LANSING — Nearly 50 school districts and public charter schools across the state ended last year with a deficit, according to the Department of Education, prompting action from state officials and legislators.

Although the state expects many of those districts and schools were expected to eliminate or at least reduce their deficits by the end of this fiscal year, Sept. 30, 22 are projected to slip even further into the red.

One of the financially direst situations involves Benton Harbor Area Schools, which has a 50 percent deficit — meaning the district is only taking in half the revenue it needs to cover expenses— the result of bleeding enrollment that means less per-pupil state aid.
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Undocumented immigrants face higher tuition at some Michigan colleges and universities

By DARCIE MORAN

Capital News Service

LANSING — A college acceptance letter isn’t always all it’s cracked up to be.

For many undocumented immigrants in Michigan and their children, the application process is just one hurdle on the road to a college education.

“They’ve invested so much in their education but when they come to go to college, that’s when the road closes on them,” said Jose Franco, founder of One Michigan, a Detroit-based group that works for immigrant rights.

Some Michigan public universities offer in-state tuition rates for undocumented students. But many four-year colleges and most community colleges don’t – even though students may have lived their entire life in the state.

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Preparation for trades could count toward graduation under proposed legislation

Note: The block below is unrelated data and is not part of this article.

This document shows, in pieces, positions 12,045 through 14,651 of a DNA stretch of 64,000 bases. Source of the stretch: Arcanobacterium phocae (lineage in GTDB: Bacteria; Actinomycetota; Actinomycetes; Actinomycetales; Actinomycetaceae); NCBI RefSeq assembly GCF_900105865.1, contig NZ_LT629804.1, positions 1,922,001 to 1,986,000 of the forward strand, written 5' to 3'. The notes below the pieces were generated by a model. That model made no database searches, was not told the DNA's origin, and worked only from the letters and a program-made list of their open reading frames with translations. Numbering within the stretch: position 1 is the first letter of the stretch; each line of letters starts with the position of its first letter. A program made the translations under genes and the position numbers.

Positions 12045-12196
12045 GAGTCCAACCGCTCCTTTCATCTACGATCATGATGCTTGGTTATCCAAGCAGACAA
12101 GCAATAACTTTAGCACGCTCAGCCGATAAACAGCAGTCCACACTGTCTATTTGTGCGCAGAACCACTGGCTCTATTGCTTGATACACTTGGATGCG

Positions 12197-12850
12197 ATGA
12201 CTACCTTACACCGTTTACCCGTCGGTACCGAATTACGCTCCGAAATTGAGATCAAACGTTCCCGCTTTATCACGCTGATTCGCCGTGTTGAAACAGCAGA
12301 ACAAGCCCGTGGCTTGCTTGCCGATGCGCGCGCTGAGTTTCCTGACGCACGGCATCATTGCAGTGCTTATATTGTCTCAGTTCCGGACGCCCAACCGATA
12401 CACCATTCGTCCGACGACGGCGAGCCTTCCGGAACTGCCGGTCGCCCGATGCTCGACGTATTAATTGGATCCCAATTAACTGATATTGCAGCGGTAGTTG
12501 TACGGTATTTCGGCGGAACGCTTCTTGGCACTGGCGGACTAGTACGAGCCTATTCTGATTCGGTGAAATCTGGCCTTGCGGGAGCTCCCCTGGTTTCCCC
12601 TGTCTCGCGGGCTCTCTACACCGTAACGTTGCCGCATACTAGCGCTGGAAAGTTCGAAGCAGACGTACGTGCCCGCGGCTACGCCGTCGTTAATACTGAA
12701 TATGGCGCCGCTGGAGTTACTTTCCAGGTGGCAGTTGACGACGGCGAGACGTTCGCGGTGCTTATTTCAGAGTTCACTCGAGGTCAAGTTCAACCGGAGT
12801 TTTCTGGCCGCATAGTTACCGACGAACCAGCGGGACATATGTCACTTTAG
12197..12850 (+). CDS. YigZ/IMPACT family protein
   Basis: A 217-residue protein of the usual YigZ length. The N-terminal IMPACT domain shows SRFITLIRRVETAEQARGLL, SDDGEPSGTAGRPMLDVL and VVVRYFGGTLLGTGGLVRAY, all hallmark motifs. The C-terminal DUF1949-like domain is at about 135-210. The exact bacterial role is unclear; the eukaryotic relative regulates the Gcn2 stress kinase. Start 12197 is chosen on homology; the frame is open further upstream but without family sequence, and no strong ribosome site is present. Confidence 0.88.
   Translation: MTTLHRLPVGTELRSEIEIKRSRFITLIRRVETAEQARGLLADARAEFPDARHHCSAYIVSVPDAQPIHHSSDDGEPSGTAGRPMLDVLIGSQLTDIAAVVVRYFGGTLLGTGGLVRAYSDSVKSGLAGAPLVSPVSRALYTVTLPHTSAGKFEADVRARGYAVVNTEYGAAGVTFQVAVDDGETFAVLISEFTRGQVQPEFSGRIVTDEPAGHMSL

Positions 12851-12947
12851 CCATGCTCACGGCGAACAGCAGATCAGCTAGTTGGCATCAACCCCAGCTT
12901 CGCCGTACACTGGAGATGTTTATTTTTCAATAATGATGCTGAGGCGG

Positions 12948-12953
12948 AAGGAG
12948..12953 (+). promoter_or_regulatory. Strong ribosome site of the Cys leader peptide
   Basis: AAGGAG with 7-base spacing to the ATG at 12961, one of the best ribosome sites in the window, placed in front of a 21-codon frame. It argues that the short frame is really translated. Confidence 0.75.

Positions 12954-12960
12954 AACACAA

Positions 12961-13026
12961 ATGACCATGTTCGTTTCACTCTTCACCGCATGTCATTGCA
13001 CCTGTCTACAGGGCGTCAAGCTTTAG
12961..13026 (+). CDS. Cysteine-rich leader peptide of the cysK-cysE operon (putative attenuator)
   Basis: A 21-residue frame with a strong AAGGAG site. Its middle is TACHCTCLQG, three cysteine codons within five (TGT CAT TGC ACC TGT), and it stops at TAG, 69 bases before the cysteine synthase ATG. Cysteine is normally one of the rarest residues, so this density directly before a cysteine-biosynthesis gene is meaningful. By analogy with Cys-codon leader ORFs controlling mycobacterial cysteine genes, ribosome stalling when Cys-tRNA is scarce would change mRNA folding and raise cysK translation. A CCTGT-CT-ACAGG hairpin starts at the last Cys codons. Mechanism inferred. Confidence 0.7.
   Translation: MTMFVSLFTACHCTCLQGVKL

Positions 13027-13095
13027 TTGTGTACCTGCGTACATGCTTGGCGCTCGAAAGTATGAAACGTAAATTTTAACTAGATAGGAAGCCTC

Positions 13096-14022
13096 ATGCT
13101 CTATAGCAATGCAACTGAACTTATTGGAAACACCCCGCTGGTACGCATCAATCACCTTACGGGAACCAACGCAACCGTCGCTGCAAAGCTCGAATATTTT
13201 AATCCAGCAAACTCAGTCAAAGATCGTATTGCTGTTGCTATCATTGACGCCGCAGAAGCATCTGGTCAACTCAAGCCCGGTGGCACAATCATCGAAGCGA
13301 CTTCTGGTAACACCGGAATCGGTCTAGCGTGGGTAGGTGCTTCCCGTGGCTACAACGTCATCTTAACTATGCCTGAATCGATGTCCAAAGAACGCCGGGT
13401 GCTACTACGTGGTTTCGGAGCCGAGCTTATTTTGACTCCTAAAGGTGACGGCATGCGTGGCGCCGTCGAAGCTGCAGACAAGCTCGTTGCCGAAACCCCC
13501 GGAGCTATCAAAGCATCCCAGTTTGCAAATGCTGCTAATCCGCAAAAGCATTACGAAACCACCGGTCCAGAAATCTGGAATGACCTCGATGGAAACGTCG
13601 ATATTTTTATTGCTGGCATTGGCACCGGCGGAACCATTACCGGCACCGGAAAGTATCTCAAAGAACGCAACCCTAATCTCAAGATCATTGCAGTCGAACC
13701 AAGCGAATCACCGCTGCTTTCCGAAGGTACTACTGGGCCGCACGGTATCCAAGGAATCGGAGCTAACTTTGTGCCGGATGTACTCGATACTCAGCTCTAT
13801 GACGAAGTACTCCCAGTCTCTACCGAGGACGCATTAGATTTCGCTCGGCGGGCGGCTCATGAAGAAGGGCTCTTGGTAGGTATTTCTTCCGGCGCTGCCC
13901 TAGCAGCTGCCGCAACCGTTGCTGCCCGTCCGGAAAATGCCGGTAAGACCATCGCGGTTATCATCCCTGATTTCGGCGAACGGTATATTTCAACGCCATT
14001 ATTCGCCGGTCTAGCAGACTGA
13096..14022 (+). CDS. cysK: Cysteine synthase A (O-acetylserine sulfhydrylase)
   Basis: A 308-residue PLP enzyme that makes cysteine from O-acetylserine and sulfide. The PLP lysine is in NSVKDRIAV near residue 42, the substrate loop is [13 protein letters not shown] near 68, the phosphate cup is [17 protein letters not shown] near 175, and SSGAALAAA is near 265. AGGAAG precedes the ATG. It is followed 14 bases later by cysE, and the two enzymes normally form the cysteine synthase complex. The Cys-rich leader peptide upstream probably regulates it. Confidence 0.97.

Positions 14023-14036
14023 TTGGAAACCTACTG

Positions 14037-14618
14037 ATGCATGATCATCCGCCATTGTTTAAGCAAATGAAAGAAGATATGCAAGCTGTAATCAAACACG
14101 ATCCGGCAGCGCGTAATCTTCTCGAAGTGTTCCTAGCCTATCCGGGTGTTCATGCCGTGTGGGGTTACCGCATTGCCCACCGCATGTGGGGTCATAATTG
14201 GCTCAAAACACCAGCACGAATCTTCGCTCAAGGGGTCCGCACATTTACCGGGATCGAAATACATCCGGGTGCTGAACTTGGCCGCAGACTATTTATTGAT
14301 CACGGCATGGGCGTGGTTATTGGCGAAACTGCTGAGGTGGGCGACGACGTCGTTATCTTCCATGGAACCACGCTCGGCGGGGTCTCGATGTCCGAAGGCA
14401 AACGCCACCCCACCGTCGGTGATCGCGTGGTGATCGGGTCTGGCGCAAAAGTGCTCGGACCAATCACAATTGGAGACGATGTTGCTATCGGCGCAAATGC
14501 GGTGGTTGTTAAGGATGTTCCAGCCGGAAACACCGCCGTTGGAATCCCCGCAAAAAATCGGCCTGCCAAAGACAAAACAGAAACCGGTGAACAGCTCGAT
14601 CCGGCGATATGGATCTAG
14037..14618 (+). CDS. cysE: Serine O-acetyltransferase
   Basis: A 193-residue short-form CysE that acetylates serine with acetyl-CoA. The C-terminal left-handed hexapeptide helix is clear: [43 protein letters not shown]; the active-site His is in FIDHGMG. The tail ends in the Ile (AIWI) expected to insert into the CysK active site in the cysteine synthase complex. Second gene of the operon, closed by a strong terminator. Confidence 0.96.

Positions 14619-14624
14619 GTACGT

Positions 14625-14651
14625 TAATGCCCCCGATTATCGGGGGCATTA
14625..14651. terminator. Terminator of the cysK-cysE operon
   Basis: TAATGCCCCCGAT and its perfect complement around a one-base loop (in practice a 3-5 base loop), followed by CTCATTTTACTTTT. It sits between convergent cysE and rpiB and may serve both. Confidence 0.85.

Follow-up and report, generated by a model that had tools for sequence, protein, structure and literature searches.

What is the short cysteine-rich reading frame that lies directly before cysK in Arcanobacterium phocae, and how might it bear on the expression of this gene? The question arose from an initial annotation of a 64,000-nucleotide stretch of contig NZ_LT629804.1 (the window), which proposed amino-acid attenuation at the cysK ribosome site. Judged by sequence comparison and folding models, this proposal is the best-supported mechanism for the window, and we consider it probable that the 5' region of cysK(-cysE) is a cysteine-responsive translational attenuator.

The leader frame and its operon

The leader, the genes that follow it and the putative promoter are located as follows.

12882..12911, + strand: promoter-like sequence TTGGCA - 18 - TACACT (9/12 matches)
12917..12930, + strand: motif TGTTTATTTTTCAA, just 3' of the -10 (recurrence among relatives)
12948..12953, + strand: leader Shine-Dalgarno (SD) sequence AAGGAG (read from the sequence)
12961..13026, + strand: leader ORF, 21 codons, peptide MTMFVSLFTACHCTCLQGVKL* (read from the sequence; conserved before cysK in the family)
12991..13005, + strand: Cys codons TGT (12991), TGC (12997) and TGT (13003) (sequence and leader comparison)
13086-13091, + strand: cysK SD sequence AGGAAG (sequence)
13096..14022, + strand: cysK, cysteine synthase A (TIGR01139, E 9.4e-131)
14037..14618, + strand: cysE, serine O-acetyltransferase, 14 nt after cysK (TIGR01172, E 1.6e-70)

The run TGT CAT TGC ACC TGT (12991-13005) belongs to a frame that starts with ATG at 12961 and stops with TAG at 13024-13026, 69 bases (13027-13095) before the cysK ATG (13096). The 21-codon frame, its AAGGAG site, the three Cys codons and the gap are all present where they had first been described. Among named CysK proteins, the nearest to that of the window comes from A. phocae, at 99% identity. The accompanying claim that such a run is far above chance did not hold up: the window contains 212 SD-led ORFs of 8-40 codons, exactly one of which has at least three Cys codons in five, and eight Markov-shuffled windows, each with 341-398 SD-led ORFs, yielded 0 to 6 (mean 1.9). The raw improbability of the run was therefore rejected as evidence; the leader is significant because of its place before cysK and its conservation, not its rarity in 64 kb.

By ASHLEY WEIGEL

Capital News Service

LANSING — High school students could learn algebra while working with metal under legislation pending in the Senate.

The bills sponsored by Rep. Ed McBroom, R-Vulcan, and Rep. Joel Johnson, R-Clare, would give students more flexibility in classes they could take in high school. They could take an agricultural science or anatomy class in place of the traditional second year science class, swap a foreign language class for an industrial art class and fulfill the Algebra II requirement with classes that incorporate the material differently.

The Michigan Merit Curriculum enacted in 2006 allows little flexibility for students to explore a career field, McBroom said.

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New concussion rules take the field in June

By CELESTE BOTT

Capital News Service

LANSING – Michigan will soon require K-12 schools to create awareness programs to educate coaches, parents and athletes on the perils of sports concussions.

Meanwhile, the effort to raise awareness about the signs, symptoms and consequences of concussions is growing statewide.

A concussion is a serious brain injury caused by a blow to the head. It often happens to participants in sports or other recreational activities.
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Schools look bad while doing good

By JUSTINE McGUIRE

Capital News Service

LANSING – On-time high school graduation rates are down in Leelanau County, but is that a bad thing?

2011 graduation statistics look worse in Leelanau County, but it’s because Suttons Bay High School has taken on at-risk students whom the district knows won’t graduate in the standard four years, said Principal Raphael Rittenhouse.

He said other districts around the state try to get at-risk students to drop out before they bring down graduations statistics – before ninth grade – or send them to alternative schools for the same reason.